• A five-day course of fenbendazole is also licensed to treat encysted small redworm but there is widespread evidence of small redworm resistance to fenbendazole, including the five-day dose so a resistance test is recommended before using it.
  • Treating with a wormer that does not specifically target the encysted stages (ivermectin, pyrantel or single dose fenbendazole) during late autumn and winter can actually increase the risk of a horse with a high ESRW burden developing larval cyathostominosis.5

Tapeworm: key points for your customers

  • In the UK the highest burdens of tapeworm are seen at the end of the grazing season.5 
  • They can result in a number of health-related problems, ranging from loss of condition to diarrhoea and colic. An infected horse has been shown to be 26 times more likely to develop colic associated with an obstruction of part of the small intestine (ileal impaction colic) than a non-infected horse, and eight times more likely to experience a type of cramping of the intestine resulting in spasmodic colic.6 
  • To control tapeworm horses should be dosed with praziquantel in a combination wormer or a double dose of pyrantel at six-monthly intervals usually spring and autumn.6 Alternatively, a blood or saliva test can be carried out to establish antibody levels.7

Bots: key points for your customers

  • The female bot fly is a prolific egg layer. She can produce up to 1,000 distinctive yellow eggs on the hair on the horse’s legs and shoulders or around the eyes, mouth and nose. 
  • Horses can inadvertently ingest the bot eggs while grooming themselves or a companion. The bot larvae will mature in the horse’s mouth and develop in the stomach over winter before emerging in the spring or summer via dung. The larvae then burrow into the ground and develop into adults. Depending on the conditions, the adults emerge one to two months later and the cycle begins again.5
  • The best way to control bots is to administer a suitable wormer in the winter, after the first frost when the adult flies have died and before the bots mature.8
  • The correct worming protocol will not only help to safeguard the health of the individual horse but will also have an impact in reducing the bot fly population in the area. 
  • A practical and cost-effective solution may be to combine a bots treatment with ESRW and tapeworm treatments using a single dose of moxidectin and praziquantel.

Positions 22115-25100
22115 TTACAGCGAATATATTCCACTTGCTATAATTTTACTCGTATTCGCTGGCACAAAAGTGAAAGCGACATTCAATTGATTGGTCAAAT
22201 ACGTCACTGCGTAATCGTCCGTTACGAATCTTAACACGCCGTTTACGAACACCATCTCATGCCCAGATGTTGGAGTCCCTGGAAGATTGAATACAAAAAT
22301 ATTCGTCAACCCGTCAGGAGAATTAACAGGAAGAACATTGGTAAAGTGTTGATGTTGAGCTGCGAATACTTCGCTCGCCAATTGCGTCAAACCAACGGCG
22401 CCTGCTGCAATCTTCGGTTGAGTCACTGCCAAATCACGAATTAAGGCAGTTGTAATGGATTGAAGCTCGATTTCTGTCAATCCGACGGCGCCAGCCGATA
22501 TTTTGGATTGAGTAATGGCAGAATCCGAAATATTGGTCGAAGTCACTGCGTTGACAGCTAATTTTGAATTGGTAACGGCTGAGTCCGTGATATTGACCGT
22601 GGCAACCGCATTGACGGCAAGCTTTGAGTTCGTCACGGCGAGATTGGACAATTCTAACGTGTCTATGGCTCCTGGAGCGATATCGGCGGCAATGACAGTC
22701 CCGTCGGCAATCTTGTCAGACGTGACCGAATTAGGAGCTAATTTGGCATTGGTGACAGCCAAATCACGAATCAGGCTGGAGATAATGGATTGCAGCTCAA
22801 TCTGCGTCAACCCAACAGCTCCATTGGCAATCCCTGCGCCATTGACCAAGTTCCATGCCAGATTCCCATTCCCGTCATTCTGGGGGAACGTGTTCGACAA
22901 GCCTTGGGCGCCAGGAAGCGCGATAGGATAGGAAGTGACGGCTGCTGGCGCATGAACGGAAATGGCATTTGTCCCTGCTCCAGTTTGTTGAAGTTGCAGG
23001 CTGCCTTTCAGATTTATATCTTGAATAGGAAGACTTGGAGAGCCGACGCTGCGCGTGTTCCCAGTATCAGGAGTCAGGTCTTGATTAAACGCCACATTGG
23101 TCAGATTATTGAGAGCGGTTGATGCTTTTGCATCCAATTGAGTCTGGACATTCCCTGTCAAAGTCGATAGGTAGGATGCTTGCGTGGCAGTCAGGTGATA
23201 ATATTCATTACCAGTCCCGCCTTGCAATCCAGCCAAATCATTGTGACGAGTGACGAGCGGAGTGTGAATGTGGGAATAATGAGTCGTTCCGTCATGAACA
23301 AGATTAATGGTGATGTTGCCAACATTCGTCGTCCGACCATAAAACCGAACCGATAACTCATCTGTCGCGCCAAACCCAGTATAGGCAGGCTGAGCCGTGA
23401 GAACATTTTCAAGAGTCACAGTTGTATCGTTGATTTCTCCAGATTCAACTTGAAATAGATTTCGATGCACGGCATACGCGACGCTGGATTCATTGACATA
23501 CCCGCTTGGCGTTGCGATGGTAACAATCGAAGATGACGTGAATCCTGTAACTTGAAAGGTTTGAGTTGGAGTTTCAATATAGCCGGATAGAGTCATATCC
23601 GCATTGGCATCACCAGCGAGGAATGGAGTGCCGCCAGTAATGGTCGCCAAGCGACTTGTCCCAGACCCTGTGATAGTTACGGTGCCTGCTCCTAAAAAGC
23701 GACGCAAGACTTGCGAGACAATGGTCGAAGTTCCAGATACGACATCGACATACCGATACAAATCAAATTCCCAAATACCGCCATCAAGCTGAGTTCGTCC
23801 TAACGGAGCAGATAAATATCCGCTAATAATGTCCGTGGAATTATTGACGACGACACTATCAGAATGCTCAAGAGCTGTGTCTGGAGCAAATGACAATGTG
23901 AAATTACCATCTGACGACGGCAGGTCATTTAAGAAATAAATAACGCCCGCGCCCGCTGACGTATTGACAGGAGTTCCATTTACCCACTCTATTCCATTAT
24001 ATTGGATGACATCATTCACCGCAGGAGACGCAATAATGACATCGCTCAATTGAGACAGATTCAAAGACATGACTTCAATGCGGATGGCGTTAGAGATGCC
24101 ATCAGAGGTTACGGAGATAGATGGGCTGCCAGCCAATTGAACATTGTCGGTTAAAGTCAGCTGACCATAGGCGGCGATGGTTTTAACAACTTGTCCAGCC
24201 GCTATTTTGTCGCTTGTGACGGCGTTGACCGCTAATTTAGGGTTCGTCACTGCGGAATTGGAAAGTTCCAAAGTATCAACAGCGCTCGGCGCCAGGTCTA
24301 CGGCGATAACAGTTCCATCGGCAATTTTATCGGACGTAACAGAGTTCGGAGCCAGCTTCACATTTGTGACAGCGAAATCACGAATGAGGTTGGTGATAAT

Large redworm, although uncommon, can be a re-emerging problem in some populations, especially where wormers are not used for prolonged periods of time.  For most horses these parasites should be adequately addressed incidentally within a worming programme for small redworm by the administration of either moxidectin or ivermectin once or twice a year.8  

Pinworm, liver fluke and lungworm may be a concern for some horses – remember to mention these to your customers to see if their horses may be at risk.5 

Foals and young horses are more susceptible to worm-related disease and the parasites can differ from those of adult horses. Foals require treatment for ascarids twice in the first 6 months of life (at 2-3 months of age and then again at 5-6 months of age) and careful, frequent monitoring and treatment for redworm from 6 months to 3 years old.5,9,10


Paddock management

Poo picking, ideally every day, will reduce the overall worm burden and thus the need for excessive use of wormers. Some of your customers may be in a position to create smaller paddocks so that each field can be alternately grazed, harrowed and rested. Harrowing is not recommended in wet weather conditions because eggs and larvae are only effectively killed in dry hot weather.  Paddocks should have low numbers of horses per acre to reduce the burden on the field. Cross-grazing with sheep and cattle is also effective at reducing horse parasite burdens on the pasture as they will ‘hoover up’ the worms without being affected. In some areas, liver fluke may be a concern for horses co-grazing with cattle and sheep.10